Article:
Rolling Stones touring drummer Steve Jordan recalled that he chose the Beatles over his current colleagues when it felt like a major life decision in his youth.

The former SNL and Letterman band member – who’s now covering the late Charlie Watts’ duties – even hid his Beatlemania from Keith Richards after joining the guitarist’s solo band in the ‘80s.

“Well, you know, as a kid you had to make the choice: you couldn’t be a Beatles fan and a Stones fan,” Jordan told Vanity Fair in a recent interview. “So I chose the Beatles. And for the longest time when I started working with Keith, I couldn’t have him over to my apartment, because it was like a Beatles museum! Which I guess was a little strange – like, I’m in my 20s so maybe I should be growing up a little bit!”

Jordan felt the situation was made worse by the fact that he and Richards were recording “right around the block, literally,” but he couldn’t bring himself to reveal how much of a Beatles fan he really was. “When I saw the Beatles on Ed Sullivan, it changed my life,” he reported. “Many times in class I was drawing the Beatles onstage and not doing my schoolwork. I’d just be drawing the Beatles logo and Ringo behind the kit and stuff like that.”

Eventually, though, Jordan decided to face the music. “One day I finally say, ‘Okay,’ and Keith comes over. He comes in, and he looks, and he just starts laughing. The next day, he sends me four Beatle figurines, like the kind you get in those novelty stores in Times Square!”

Once the truth was out, Jordan was able to mine Richards for information about his friendship with John Lennon. “He would describe stories to me of him with John. And he would describe them vividly,” the drummer said. “Of which I felt: that’s as close to John as I was ever going to get.”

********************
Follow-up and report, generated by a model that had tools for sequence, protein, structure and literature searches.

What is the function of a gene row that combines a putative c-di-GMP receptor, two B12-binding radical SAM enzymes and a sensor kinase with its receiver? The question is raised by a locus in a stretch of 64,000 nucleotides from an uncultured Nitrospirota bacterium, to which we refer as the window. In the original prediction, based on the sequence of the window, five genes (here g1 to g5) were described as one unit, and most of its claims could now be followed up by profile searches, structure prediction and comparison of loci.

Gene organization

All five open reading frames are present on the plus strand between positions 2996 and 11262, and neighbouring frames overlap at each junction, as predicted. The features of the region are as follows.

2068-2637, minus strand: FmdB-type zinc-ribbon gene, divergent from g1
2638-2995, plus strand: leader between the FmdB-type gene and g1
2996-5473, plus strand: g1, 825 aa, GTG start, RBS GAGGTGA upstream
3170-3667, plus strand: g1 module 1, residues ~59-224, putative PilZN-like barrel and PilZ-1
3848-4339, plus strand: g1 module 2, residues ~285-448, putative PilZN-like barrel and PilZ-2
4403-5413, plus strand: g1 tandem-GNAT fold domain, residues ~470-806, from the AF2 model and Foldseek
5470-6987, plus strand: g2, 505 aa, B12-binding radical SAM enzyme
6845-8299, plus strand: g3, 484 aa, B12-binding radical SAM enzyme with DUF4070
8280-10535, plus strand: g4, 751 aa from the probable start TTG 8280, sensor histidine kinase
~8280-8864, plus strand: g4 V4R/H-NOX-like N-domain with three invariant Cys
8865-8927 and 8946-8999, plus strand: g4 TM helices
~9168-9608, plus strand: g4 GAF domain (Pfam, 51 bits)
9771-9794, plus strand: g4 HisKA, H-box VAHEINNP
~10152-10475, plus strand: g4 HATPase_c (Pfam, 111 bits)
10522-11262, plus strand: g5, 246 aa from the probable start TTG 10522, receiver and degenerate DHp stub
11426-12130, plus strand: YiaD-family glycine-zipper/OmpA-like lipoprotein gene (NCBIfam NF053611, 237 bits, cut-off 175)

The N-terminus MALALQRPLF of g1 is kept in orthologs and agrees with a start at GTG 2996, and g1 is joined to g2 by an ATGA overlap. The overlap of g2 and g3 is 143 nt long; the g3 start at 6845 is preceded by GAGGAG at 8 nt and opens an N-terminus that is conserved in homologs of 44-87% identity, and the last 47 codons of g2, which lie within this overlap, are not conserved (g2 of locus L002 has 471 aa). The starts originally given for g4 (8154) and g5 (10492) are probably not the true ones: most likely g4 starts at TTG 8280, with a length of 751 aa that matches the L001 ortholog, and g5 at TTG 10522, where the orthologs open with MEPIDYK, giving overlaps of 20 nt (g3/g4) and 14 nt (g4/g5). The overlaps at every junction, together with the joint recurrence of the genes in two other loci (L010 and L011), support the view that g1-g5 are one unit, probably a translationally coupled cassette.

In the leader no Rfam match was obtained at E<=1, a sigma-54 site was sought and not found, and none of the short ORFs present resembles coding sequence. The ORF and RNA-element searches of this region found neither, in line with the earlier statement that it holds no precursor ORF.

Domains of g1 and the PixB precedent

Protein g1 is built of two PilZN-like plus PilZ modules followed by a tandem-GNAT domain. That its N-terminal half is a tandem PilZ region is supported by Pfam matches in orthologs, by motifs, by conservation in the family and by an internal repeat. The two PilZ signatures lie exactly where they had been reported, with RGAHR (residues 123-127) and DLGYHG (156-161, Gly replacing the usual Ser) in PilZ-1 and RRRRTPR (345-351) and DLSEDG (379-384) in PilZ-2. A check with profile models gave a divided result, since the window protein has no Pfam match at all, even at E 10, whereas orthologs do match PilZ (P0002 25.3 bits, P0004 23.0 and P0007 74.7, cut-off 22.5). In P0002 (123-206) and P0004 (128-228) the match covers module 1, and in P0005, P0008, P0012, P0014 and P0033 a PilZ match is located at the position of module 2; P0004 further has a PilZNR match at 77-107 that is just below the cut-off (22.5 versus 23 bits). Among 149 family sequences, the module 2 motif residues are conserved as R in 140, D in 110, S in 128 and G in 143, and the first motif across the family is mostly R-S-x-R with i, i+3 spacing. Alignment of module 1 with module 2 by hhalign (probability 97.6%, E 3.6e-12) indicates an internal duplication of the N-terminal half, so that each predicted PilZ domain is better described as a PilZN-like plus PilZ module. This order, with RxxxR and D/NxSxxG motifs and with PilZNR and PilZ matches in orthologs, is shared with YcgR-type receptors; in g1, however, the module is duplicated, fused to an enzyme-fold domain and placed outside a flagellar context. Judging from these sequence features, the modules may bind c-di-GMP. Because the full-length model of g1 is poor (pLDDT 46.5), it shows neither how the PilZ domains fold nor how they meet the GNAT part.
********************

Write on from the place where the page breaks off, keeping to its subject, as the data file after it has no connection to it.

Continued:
While he’d never had the opportunity to see the Beatles live, Jordan also never managed to experience the full length of a Stones performance until Sept. 26 this year, when he first covered for the absent Watts. “I’d never seen an entire show, because you either arrive at a certain time or you’re backstage or you leave before the encore, whatever,” he explained. “So in St. Louis when we played the first show, that was actually the first Stones show that I ever saw in its entirety! So I’m playing, and I’m looking at the show, and I’m like, ‘Wow, this is really cool!’ And then I’m like, ‘Wait a minute, I’m in the show! Better snap out of it!’”

“The magic is just palpable," Jordan continued. "The interplay between Keith and Woody, and the connection that you have to have with Mick, no matter if he’s eight million miles away from you, you know? The whole thing.”

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